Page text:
Three-four-50 is the framework that describes three of the leading causes of death. These are tobacco use, unhealthy eating habits, and physical inactivity. They all lead to four chronic diseases, including stroke, heart disease, cancer and stroke. This accounts for half of all global deaths. The following are the social determinants of your health, which have an impact on these habits:
- Tobacco usage: Many social determinants influence tobacco use, such as peer pressure, cultural and social norms and economic status. Individuals with lower education levels and income may not have access to the best healthcare options, which can make it more difficult to get treatment and support for quitting smoking.
- Poor diet: Social determinants like economic status, education, social norms and availability to healthy foods can lead to unhealthy diets. Low-income residents may not have easy access to healthy foods, which can lead to an increase in unhealthy food consumption.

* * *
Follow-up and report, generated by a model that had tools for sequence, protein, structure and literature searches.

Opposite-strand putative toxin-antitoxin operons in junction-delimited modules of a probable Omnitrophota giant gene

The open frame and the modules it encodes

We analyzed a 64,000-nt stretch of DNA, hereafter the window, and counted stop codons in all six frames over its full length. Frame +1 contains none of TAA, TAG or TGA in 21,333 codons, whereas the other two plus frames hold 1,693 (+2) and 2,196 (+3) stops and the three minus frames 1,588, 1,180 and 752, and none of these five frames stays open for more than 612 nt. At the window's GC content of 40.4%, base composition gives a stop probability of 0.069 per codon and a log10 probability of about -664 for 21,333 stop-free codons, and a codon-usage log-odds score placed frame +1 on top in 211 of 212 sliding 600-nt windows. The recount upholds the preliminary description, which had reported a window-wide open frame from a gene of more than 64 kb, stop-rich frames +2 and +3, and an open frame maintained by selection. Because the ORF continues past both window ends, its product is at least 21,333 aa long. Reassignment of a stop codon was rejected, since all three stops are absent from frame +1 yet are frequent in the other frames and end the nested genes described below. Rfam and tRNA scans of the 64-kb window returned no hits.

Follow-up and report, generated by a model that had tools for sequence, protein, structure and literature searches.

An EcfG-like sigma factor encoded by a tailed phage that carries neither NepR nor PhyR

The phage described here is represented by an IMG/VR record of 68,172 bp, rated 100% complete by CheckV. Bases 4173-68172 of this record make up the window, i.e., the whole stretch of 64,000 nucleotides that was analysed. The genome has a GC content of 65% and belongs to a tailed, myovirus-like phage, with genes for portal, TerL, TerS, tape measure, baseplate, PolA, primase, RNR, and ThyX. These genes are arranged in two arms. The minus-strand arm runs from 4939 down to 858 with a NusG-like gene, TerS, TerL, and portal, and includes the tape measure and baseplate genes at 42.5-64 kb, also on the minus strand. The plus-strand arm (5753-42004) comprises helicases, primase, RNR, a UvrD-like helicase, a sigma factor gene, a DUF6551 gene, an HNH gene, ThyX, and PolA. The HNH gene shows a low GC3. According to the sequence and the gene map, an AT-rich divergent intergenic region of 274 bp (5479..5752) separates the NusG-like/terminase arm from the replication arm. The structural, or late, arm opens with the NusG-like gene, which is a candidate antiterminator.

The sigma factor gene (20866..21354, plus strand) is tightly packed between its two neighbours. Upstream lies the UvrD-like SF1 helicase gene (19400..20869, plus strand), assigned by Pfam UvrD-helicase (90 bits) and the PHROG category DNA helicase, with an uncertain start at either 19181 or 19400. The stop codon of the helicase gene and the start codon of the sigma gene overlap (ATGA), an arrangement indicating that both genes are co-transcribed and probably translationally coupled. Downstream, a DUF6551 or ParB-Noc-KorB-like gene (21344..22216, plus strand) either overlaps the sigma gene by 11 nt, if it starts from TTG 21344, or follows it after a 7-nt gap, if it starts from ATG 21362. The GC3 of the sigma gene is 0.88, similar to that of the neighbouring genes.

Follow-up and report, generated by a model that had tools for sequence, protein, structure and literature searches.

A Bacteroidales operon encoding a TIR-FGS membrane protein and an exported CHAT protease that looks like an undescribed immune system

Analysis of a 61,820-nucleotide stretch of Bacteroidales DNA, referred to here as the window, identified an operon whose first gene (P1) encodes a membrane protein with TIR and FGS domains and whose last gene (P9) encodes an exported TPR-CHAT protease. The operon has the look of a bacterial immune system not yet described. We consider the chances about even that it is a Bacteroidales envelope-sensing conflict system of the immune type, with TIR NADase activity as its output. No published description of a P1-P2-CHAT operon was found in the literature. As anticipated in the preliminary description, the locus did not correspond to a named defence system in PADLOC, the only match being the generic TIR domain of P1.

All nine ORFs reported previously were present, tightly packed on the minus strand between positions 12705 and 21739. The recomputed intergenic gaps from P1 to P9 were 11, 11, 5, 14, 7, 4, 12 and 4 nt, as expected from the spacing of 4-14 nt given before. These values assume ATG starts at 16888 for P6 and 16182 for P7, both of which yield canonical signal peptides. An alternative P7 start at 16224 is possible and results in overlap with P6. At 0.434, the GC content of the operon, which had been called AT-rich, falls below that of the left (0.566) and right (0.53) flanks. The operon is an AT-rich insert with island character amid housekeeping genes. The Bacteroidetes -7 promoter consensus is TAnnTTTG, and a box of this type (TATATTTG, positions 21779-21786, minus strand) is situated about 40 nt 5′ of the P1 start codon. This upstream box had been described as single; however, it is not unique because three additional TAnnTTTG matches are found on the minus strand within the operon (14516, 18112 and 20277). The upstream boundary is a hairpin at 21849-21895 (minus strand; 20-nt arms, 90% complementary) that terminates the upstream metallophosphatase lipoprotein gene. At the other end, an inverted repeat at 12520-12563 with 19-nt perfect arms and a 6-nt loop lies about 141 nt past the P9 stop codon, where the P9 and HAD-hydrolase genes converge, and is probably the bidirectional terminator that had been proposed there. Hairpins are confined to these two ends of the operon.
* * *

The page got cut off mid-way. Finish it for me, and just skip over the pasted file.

- Social determinants can influence physical inactivity, such as access to affordable and safe transportation, social status and cultural norms, the built environment and economic status. Individuals who are unable to access safe recreational and parks facilities, for example, may not be as likely to get active.
The social determinants that affect the three behaviors of the 3-4-5-50 model are multifaceted and complex. These determinants require a holistic approach to address. This includes factors like economic status, education, culture, social norms and accessibility to health services. These underlying factors can be addressed by healthcare professionals to decrease the incidence of chronic diseases, and increase overall health outcomes.